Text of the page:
Annual plants successfully grow in Indiana's climate, which sees harsh winters and fluctuating spring temperatures from Canadian fronts that sweep down from the northwest. The weather makes growing certain plants as perennials challenging, but these same plants many thrive as annuals during the warm summers. Lake Michigan to the north and the hilly southern Appalachian Mountain areas to the south also influence the Hoosier State's weather and encourage annual plant growth.
Indiana gardeners and those who enjoy growing potted plants favor impatiens. They flourish in partially shaded areas, like porches and south-facing plots. Their colors range from white to hot pink, and in Indiana they bloom from June through October. If kept outside, they grow as annuals, but can be brought inside during the winter and will continue blooming. They require regular watering and moderately fertile, well-drained soil.
Sweet peas feature delicate but vibrant flowers that bloom in June and July in Indiana. They come in white, purple and lavender, and are often used in bouquets. This vining plant grows best if sowed in February or March in deep, rich soil and partial shade. Sweet peas like growing in Indiana soil that stays consistently moist but not waterlogged. They can grow up to 2 feet tall.
Purdue University Cooperative Extension Service states that annual flox is one of the easiest annual flowers to cultivate in Indiana. It does well in beds and as edgings in areas that receive full sun or partial shade. Blooms that are 1 inch across appear in July, August and September and come in most hues but blue. Plants reach up to 20 inches tall.
Basil, like certain other herbs, is a Mediterranean native that needs warmth to thrive. It also needs as much sunlight as possible, at least 10 hours per day, for optimal growth. Plants will do well in warm temperatures and even dry conditions, once established, but younger seeds and transplanted seedlings need nurturing. Certain varieties can grow up to 2 ½ feet tall. The growing tips should be frequently pinched to encourage more growth throughout the summer. Fertilizing should be done sparingly. Different varieties grow in different colors and feature slightly different flavors. Leaves can be eaten fresh in dishes like salads or dried for use in lasagna and other meals.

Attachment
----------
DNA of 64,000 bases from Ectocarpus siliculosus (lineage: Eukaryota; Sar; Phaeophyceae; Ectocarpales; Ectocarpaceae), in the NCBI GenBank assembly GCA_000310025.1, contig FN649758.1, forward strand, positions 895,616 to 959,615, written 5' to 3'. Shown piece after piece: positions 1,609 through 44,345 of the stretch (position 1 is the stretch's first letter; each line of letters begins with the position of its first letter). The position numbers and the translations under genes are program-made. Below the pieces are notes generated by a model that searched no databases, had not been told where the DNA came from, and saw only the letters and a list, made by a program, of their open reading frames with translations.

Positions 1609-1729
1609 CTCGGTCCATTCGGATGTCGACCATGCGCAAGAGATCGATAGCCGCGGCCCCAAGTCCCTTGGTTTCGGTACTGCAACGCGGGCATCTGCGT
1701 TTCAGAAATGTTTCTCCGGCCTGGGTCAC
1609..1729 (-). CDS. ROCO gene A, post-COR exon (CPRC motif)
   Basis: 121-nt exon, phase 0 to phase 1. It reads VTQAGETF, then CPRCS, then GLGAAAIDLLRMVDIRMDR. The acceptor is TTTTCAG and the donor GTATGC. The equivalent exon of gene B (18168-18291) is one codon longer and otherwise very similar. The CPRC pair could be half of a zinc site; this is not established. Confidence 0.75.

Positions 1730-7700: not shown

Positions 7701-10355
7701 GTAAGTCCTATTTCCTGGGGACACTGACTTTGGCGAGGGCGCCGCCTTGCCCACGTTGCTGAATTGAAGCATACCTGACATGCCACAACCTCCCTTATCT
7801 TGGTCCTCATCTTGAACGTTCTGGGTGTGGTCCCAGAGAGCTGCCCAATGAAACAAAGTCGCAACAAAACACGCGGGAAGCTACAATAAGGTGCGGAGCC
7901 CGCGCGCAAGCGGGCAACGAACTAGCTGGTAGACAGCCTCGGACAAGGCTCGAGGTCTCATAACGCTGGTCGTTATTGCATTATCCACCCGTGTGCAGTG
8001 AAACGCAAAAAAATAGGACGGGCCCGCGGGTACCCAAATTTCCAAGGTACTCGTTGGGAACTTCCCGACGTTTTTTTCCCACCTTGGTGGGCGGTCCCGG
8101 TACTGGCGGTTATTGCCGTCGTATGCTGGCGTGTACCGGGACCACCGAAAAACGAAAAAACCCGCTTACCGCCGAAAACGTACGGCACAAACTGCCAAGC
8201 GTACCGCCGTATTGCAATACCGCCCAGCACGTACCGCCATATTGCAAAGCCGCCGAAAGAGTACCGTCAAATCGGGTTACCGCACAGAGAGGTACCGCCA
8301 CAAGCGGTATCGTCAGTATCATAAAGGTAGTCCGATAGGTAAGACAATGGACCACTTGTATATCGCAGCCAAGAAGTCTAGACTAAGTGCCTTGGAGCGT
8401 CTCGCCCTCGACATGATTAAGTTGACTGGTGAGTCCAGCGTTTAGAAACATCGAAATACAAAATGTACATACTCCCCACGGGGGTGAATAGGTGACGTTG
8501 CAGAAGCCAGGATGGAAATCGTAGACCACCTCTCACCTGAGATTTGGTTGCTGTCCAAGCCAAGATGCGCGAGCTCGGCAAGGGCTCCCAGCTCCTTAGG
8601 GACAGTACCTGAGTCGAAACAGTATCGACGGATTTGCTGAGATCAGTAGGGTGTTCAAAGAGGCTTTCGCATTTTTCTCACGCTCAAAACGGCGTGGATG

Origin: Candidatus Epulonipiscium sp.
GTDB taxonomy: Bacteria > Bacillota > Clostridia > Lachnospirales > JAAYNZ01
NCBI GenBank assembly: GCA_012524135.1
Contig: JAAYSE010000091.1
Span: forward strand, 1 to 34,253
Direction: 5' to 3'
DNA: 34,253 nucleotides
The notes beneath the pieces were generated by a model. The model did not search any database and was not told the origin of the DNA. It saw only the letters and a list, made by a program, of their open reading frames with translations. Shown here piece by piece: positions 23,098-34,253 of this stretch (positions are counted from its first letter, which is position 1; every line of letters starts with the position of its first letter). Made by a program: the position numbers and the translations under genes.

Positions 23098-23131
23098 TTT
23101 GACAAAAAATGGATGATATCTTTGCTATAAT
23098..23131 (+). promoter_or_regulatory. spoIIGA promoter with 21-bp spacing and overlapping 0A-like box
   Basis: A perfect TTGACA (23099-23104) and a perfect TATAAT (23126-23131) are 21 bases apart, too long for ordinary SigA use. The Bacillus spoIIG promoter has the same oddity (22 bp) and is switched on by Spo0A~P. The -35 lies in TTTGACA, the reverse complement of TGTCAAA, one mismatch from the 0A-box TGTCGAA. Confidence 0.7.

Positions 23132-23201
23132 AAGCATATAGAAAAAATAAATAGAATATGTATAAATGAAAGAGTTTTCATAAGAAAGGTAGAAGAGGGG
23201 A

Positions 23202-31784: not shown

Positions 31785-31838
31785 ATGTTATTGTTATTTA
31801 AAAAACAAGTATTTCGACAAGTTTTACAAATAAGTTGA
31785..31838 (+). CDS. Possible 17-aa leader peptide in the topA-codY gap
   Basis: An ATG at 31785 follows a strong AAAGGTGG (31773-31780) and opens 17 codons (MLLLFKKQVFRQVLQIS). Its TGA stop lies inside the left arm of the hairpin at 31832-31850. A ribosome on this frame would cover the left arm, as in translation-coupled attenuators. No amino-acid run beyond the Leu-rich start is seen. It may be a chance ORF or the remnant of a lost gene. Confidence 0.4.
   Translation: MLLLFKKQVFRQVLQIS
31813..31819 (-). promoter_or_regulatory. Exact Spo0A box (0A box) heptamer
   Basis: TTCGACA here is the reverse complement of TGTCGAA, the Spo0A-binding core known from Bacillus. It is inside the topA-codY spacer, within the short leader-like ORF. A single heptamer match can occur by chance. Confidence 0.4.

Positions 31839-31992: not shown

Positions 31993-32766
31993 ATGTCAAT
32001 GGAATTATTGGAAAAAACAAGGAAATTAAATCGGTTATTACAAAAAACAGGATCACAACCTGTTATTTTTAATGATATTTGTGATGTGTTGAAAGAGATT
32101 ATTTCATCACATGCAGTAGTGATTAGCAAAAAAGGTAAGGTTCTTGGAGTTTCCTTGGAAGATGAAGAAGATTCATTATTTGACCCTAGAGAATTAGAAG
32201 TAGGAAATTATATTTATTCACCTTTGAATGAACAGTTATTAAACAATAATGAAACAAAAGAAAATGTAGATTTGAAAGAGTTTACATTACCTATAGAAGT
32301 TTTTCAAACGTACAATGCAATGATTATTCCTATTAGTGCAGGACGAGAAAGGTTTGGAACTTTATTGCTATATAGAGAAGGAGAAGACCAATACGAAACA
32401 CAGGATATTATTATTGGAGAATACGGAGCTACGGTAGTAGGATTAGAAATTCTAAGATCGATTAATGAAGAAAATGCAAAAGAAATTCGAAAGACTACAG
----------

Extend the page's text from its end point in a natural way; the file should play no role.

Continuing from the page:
Tomatoes are native to South America, making them annual growers in Indiana. Varieties vary in shape, size, taste and color, but all enjoy growing in deep, well-drained, loamy soil that is slightly acidic. They are warm season plants that do not tolerate cold temperatures very well, so planting after the danger of frost has passed is essential. Tomatoes grow best in spots that receive full sunlight and need to be staked or caged to prevent fruit from weighing down stems and branches. They need 1 to 1 ½ inches of water per week to ensure good growth and harvest.